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EPA Warns Companies about Misleading Label Claims

(Beyond Pesticides, August 18, 2009) In a letter to Responsible Industry for a Sound Environment (RISE), the national trade association representing producers and suppliers of specialty pesticides and fertilizers, the U.S. Environmental Protection Agency (EPA) clarifies for pesticide companies federal pesticide label regulations and the agency’s position on use of false and misleading claims like “Professional Strength.”

The letter, dated May 15, 2009 and posted on EPA’s website last week, addresses pesticide products that are sold and distributed and labeled “Professional” and “Professional Grade” among others, in product names and advertising. EPA finds that such statements are “inappropriate.”

According to the letter, “Section 12 (a) (1) (E) of the Federal Insecticide, Fungicide and Rodenticide Act (FIFRA), states that it is unlawful to distribute or sell ‘any pesticide which is….misbranded.’ A pesticide is misbranded if ‘its labeling bears any statement, design or graphic representation relative thereto or to its ingredients which is false or misleading in any particular.’ FIFRA § 2(q)(1)(A) [emphasis added]. The following describes why EPA finds use of “Professional Grade” in these products’ labeling and marketing to be a false and misleading claim and therefore unacceptable.”

The letter continues, “…’Professional Grade’ implies a falsehood that pesticides are classified by grade, which they are not. This is a false and misleading comparison to other pesticides under 40 CFR § 156.10(a)(5)(ii). “Professional Grade” implies or could well imply that the products are more efficacious than competitors’ products. This is likely a false and misleading statement about the comparative effectiveness of the product under 40 CFR §156 (a)(5)(iv).”

The use of ‘Professional’ is misleading, according to EPA, since not only does it not explain which professionals are being referenced, but the products labelled in this manner are not restricted use products (those only available to licensed pest control operators), and are legally available to average consumers. EPA also goes on to state these claims, which were not accepted at the time of the products’ registration, are in violation of 40 CFR § 152.132(d), and thus, both the distributor and the basic registrant are liable for the violations.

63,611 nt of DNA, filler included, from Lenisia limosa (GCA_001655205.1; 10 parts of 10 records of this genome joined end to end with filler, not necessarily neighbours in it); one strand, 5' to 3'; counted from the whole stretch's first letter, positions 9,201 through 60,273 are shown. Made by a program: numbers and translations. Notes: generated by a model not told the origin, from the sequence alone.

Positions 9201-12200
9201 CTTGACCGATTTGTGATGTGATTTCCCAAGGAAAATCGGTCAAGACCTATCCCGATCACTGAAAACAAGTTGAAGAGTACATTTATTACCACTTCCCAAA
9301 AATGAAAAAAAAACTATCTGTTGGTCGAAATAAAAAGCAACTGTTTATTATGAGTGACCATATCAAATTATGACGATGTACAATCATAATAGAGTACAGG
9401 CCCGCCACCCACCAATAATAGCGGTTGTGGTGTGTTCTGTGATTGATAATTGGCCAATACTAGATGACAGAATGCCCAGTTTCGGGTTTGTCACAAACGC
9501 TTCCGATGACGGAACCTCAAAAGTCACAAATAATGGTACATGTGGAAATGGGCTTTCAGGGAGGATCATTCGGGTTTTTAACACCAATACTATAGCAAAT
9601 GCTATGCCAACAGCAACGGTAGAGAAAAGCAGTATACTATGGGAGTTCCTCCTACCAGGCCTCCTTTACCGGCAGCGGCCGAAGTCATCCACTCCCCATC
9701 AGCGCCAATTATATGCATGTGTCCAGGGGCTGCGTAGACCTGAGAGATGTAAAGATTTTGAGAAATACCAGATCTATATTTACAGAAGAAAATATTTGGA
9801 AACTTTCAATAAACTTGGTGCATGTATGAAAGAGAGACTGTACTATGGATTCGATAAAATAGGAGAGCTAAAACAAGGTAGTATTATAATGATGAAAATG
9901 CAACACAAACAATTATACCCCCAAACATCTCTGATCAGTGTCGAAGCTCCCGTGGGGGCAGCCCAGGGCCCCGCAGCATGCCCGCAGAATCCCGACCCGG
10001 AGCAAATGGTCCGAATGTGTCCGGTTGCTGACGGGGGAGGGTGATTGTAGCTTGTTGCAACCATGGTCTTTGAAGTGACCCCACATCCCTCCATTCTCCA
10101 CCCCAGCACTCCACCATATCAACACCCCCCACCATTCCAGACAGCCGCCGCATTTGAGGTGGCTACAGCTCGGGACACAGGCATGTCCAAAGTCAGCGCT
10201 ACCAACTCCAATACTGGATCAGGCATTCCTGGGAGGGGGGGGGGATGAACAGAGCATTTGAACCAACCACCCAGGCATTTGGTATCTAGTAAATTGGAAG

However, while EPA is aware of these misleading label claims and violations, the Office of Pesticide Programs (OPP), which oversees pesticide registration, has yet to take any definitive action on such misbranding. The letter states that OPP is “considering whether to refer this and similar matters to the Office of Enforcement and Compliance Assurance for potential enforcement action.” In the past, EPA has maintained that pesticide labels should, on the whole, be free from any symbol or claim that might mislead consumers or give a false sense of a product’s safety. Crackdowns concerning the sale and distribution of unregistered, mislabeled pesticides have occurred in the past, with EPA maintaining that this is a serious violation that can result in harm to public health and the environment. However, EPA enforcement against non-compliance is generally very limited.

Last fall, EPA withdrew its draft notice on label statements regarding cause marketing and third-party endorsements. In this particular case, the Clorox Company submitted an application to EPA to add cause marketing language and the Red Cross symbol to some of its labels, specifically to display a philanthropic partnership between it and the American Red Cross. After a two-year process of EPA proposals and public comment periods, and a large public outcry by states, environmental and activists groups, including Beyond Pesticides denouncing this action, the agency determined that such label statements do nothing to promote “consumer understanding” of the risks and applications of pesticide products, and will not be encouraging further submissions.

Currently, limited label information, including the non-disclosure of inert ingredients, provide consumers with little information with which they can make informed decisions when buying pesticides and choosing less hazardous products.


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